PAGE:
A new method to map transient protein structures

Harini Barath

Scientists combine two complementary spectroscopic techniques to investigate the structure of the Alzheimer’s causing amyloid-beta peptide.

Schematic of the two techniques that work together to probe the structure of the oligomers
Schematic of the two techniques that work together to probe the structure of the oligomers   (Photo: Sudipto Maiti)

Small aggregates of the amyloid beta peptide, called oligomers, have been implicated as the initiators of Alzheimer’s disease. Getting a clear picture of their structure can help to design drugs that target them. They are incredibly short-lived, unfortunately, and disintegrate in a matter of minutes. Even sophisticated imaging tools are unequal to the task.


Two research teams from the Tata Institute of Fundamental Research joined hands, and techniques, to successfully probe the structure of these toxic oligomers. “We have been listening to each other’s work for several years now. We realized that we have two techniques—fast fluorescence techniques and solid state nuclear magnetic resonance (ssNMR) spectroscopy—that are completely complementary,” said P. K. Madhu, whose team specializes in ssNMR spectroscopy. We thought that if we marry both these techniques then we have a unique advantage,” said P. K. Madhu, who led the ssNMR half of the collaboration.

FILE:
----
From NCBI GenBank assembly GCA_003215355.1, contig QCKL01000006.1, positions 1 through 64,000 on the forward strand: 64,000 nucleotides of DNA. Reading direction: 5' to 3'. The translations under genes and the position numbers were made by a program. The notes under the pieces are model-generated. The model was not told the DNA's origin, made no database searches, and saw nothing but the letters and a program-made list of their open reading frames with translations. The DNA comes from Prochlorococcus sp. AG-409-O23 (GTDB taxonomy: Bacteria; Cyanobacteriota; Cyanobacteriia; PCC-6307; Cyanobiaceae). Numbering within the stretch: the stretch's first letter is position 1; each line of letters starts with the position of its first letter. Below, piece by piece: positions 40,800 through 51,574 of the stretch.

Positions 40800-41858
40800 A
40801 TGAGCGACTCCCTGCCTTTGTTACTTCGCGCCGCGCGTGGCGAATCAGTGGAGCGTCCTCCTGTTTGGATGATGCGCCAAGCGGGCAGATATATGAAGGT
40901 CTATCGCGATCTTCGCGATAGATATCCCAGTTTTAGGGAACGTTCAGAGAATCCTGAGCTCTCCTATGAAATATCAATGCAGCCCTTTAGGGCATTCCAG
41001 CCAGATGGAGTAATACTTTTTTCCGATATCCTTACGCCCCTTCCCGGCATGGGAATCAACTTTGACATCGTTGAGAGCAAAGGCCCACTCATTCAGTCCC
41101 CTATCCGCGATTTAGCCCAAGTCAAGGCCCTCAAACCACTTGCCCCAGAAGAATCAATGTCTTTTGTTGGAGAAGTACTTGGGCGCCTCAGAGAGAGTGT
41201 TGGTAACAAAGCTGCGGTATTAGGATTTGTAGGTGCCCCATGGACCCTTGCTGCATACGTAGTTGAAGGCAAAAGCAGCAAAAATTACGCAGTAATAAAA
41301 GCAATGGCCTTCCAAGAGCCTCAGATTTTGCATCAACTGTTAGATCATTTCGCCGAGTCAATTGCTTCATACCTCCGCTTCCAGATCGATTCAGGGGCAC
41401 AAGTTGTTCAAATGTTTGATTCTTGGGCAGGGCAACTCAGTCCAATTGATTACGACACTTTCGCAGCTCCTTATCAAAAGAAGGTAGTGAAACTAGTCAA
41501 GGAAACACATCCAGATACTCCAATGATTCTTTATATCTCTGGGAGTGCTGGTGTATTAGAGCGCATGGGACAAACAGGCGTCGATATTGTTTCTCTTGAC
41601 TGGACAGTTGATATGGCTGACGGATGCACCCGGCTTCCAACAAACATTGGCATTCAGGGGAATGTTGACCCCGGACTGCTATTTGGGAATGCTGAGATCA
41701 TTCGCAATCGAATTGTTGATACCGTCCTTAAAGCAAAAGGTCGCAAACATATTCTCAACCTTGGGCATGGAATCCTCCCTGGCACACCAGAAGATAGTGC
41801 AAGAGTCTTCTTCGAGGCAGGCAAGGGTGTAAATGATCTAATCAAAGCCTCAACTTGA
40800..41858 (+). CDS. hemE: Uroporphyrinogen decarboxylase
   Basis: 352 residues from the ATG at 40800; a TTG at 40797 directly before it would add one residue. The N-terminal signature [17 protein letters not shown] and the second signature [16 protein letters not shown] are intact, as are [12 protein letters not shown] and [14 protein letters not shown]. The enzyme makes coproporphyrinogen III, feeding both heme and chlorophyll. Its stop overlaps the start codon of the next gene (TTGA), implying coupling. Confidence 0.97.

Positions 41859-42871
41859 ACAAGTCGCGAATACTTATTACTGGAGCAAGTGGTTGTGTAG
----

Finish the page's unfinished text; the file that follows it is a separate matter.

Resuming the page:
Fast fluorescence techniques quickly identify the oligomers, in a matter of seconds, even in very dilute samples. They cannot, however provide good structural resolution. While ssNMR spectroscopy can map structures with atomic precision, it can take several days to analyze a sample using this technique. The oligomers picked out using fluorescence had to be flash frozen before they could be analyzed by ssNMR. “This was the trickiest part. We spent more than eight months coming up with the optimal conditions in which this process could be carried out successfully without ruining the sample,” said Bappaditya Chandra, a graduate student who worked on both techniques.

To our knowledge this the first time that these two techniques have been combined to study quasi-stable protein structures. It is not limited to amyloid beta oligomers and can be used to probe any short-lived protein,” said Sudipto Maiti, whose group performed the fast fluorescence experiments.

By uniting the strengths of these reciprocal techniques, the researchers compared the structure of the transient oligomers with that of the larger aggregates of the peptide, called fibrils, which are more stable and less toxic than the oligomers. They zeroed in on two regions of the peptide that were structurally unique to the oligomers. Curiously enough, most of the known disease-causing mutations can be traced to these very regions of the peptide. “What it suggested to us is that these two regions must play an important role in the interactions that make them toxic,” said Maiti.

Their results, published in Angewandte Communications, have important implications for drug design. Among the different types of therapeutic treatments that are being developed to fight Alzheimer’s, some are designed to target the amyloid beta peptides. “Our NMR data provides signposts to the vulnerable regions. Only a drug that affects these regions is likely to be in business,” concluded Maiti.